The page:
No one would argue that having a large network is valuable in business development. From getting in the door to turning individual relationships into organizational relationships, having a personal connection to someone at just about any company you’re looking to engage is incredibly helpful.
But how do you actually develop a strong network of relationships that can serve as the gateway to BD opportunities? In my case it comes down to a core rule: Stay in touch with everyone.
To be truly great at business development, you need to be able to maintain long-term relationships. And to do that, you need to have a natural curiosity and interest in other people. Of course, it would be naive to say that a good business development person isn’t always mindful of the value that a person can offer to himself or herself. It’s natural for an ambitious business developer’s mind to race with the possibilities of what opportunities a relationship may bring. But to engender a strong long-term relationship, a business developer must subdue any selfish ambition and allow his or her genuine interest in other people to rise to the surface.
While I can’t truly say I’ve maintained a relationship with just about everyone I’ve ever known, I have made a practice out of staying in touch with people over the past few years and re-engaging erstwhile connections gone cold.
Some examples come to mind:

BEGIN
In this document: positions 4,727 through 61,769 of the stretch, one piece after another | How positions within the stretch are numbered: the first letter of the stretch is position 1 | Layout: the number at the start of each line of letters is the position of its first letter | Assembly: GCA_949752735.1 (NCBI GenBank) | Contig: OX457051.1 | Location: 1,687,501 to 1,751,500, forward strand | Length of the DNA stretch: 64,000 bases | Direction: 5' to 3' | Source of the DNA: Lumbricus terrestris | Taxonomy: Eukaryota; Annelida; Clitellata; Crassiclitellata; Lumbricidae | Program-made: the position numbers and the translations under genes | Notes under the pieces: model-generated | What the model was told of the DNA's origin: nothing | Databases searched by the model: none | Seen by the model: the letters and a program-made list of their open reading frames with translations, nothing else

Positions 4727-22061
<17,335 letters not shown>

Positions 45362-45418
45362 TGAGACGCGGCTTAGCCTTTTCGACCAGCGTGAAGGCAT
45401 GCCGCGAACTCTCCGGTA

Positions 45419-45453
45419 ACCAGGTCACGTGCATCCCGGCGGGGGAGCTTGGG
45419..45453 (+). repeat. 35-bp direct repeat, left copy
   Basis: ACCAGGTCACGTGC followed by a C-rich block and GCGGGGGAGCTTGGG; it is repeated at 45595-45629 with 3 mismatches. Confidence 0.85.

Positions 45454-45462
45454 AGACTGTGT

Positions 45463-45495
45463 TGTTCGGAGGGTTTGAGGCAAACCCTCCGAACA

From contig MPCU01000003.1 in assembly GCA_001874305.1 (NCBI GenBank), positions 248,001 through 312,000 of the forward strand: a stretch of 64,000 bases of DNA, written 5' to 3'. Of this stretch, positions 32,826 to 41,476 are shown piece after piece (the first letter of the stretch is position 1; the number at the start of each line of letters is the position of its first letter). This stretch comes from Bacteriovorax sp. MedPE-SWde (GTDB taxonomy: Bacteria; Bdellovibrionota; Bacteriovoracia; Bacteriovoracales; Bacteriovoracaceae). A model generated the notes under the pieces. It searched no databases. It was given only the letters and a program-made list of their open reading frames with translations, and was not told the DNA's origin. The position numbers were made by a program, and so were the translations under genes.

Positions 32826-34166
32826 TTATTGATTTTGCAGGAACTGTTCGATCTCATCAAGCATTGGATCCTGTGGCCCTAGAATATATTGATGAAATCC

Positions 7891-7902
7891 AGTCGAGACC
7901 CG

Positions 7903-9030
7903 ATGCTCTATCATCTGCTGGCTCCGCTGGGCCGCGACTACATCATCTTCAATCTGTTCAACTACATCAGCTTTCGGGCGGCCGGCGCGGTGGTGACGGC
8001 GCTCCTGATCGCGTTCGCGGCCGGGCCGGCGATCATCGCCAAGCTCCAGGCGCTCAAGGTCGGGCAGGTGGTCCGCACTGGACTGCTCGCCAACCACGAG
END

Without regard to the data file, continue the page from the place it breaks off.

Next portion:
- I once interviewed for a job I didn’t get. A few months later I emailed the person who would have been my boss to check-in on how the company was going and wish them well. Now I know his company just folded, so he may be looking for a new job. I sent him an email offering to make any introductions that I can if it’d be of help.
- About 2 years ago I saw a listing for an event featuring a panel of business development folks. One of the names sounded familiar — it was someone I’d worked at a startup about 12 years earlier. We hadn’t kept in touch, but I thought it’d be nice to reconnect. I took a guess at his email, shot him a note, and now we catchup every 6 months or so.
- A friend of mine is interested in a job posting at a company, and she noticed I was connected on LinkedIn with the CEO. I vaguely recalled having one or two exploratory partnership conversations with him in the past, but I’d be surprised if he has any recollection of me. No matter, I said to my friend that I’d be happy to drop him a line to request an introduction. I figure he might appreciate the opportunity to connect with viable lead for his company’s candidate search. He responded within minutes.
How to Stay in Touch with Everyone
Staying in touch with people is relatively easy, as long as you do it from the start.
- Email check-Ins: Maintaining a relationship doesn’t require you to meet in person every time. Getting coffee two or three times a year? Delightful. Getting coffee every 6 weeks just because you both promised to “stay in touch?” Quite a time drain. The simple act of sending an email to say, see how things are on their end, and provide a brief update on what’s new with you is sufficient to stoke the flames of a relationship and keep it from going cold.
- Invite them to an event: One of the best things I’ve ever done was to start organizing small dinners for BD people in NYC. We have 4-6 people, over dinner, just chatting. I often invite people that I want to connect with, but they get the benefit of meeting the other like-minded folks at the table.